In the darkness of my bedroom, I awake, suddenly gripped with the fear that I'm not doing it right.
During the day, I blaze through the hours a spirit of positivity and enthusiasm. I smile when I'm supposed to. But when the lights go out and my eyelids begin to droop, my mind rewinds to scenarios, comments that have been said to me. Like my daughter saying that when she grows up, she's going to have pictures of her kids all over the house.
I have no pictures. I've always very proudly proclaimed that I don't need my walls plastered with their smiling faces because I have the real thing before me. But that's not a good enough answer. The very lack of effort on my part to hammer a nail into my wall onto which I should have hung a portrait of my children has caused my daughter to doubt me as a mother. I'm not good enough.
I drive my kids to their activities. I talk with them. I congratulate them on good behaviour. I debate with them. I follow the advice they give me. But in the middle of the night, I bolt upright in my bed, and remember that my oldest son told me that he's going to parent so much differently than I am. He's never going to yell at his kids. Gentle parenting, he calls it. Clearly I am not a gentle parent even though I have never laid one finger on them.
I think I'm doing everything right. But at 4am, as I'm tossing and turning, my sleeping pill having long worn off; that sleeping pill, the only remedy which grants me a few hours of respite from my self-indulgent pity, I keep thinking about my 14 year old, and how could I not have known he had ADD? How did I miss this? Instead the child lived in anxiety for 10 years, wondering what he would blurt out during class; walking through the door of our house knowing that within moments, a teacher was going to call to give great details of his misbehaving during class time. Often now he will tell me, "See Mom, I told you I had ADD!" A reprimand.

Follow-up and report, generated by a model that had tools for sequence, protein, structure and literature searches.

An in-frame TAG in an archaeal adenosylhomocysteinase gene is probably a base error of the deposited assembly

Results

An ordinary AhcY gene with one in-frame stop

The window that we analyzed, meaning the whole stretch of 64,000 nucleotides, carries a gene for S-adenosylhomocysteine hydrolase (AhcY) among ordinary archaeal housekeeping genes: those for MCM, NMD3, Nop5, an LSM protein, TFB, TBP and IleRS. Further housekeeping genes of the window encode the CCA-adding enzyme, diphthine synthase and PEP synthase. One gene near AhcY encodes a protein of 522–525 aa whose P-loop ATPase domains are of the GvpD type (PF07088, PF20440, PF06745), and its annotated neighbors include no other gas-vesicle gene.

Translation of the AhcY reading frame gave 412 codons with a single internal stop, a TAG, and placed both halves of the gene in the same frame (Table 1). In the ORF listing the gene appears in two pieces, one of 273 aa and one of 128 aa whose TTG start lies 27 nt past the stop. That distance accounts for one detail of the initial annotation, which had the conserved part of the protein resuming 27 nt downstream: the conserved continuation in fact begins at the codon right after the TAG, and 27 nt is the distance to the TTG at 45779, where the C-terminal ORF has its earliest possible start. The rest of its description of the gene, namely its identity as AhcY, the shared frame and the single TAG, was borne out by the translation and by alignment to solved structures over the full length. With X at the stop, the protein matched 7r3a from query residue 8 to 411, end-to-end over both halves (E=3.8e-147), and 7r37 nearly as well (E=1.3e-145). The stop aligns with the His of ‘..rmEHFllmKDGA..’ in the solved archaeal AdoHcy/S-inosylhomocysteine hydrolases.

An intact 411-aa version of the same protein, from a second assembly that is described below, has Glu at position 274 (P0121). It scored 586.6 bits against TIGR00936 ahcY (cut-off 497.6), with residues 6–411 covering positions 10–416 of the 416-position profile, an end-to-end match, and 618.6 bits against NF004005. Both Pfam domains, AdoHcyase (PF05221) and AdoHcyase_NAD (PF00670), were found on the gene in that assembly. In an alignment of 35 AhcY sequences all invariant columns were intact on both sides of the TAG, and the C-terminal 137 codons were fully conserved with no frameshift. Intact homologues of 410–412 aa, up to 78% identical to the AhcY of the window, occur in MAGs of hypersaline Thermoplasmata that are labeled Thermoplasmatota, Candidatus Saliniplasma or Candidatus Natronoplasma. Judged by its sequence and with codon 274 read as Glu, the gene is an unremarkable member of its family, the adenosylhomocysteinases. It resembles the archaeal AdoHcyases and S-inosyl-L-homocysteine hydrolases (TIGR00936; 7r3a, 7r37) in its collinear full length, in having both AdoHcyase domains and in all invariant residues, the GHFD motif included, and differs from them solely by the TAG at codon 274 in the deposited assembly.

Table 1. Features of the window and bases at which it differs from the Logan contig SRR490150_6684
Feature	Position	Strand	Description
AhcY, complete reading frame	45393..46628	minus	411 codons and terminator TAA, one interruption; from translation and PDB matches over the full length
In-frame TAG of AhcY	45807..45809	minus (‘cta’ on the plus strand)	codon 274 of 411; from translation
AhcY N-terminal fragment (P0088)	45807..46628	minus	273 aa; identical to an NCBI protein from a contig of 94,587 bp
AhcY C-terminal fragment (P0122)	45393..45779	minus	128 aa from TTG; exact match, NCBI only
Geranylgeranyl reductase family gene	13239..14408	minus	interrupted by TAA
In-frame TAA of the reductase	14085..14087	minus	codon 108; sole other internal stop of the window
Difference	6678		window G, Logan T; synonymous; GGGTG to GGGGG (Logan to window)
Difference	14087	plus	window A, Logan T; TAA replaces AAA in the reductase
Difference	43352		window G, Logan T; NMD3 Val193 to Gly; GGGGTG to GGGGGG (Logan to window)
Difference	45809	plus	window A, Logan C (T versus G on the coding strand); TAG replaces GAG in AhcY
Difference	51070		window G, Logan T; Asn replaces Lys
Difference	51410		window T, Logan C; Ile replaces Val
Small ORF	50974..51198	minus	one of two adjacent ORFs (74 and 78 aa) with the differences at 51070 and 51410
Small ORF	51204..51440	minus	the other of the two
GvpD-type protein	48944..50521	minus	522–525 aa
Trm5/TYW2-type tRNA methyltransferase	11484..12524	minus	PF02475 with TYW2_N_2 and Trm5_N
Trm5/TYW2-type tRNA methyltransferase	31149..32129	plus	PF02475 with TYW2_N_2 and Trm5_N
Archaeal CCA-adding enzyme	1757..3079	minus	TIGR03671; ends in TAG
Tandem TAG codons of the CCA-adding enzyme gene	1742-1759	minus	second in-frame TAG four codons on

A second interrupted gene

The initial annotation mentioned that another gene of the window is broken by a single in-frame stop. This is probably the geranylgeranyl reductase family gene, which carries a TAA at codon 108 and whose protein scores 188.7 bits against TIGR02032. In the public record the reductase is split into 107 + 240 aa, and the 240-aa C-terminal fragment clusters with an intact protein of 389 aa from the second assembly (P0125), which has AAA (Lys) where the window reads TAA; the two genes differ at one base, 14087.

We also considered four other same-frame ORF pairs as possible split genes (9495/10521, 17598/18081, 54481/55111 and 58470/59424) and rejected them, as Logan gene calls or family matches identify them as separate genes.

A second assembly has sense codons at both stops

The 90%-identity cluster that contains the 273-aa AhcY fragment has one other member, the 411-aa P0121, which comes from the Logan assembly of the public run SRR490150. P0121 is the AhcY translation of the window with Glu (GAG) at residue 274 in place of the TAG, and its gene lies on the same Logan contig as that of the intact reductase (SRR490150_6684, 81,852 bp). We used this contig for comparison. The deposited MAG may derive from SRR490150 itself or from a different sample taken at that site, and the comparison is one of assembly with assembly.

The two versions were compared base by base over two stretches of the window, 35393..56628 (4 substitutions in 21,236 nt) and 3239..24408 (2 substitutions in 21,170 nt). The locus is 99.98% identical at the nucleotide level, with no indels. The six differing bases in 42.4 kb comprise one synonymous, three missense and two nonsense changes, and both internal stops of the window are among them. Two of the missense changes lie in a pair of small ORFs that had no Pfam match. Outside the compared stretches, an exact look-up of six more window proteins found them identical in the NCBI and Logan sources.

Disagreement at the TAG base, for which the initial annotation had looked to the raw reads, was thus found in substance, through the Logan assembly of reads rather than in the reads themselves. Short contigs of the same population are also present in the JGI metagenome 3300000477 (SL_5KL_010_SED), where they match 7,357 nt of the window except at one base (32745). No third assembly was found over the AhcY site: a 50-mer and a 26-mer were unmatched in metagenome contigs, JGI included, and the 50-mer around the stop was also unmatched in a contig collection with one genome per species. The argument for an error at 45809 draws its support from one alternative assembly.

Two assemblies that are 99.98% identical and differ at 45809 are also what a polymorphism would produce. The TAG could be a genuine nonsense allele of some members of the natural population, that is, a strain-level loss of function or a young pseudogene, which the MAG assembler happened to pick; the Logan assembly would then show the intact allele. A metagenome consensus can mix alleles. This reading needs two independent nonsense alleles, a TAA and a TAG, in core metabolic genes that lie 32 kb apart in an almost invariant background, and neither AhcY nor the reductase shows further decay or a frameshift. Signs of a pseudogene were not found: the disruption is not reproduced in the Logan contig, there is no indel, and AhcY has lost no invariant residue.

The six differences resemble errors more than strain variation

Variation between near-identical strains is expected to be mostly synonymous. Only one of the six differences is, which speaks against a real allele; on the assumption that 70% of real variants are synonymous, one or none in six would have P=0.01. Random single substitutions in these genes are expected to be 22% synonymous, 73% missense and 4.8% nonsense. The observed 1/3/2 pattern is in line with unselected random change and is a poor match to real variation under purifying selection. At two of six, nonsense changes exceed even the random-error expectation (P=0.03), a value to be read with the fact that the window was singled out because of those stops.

A friend was having a party. It's a party I've not often attended in the last 8-9 years since she's been having it, because quite honestly, I don't feel like going. Her response when I RSVPed "no" to her invite, "What about the kids? Wouldn't they enjoy it?" My answer, "I don't really care if they'd enjoy it."
I knew I was going to lay awake beating myself up over that one.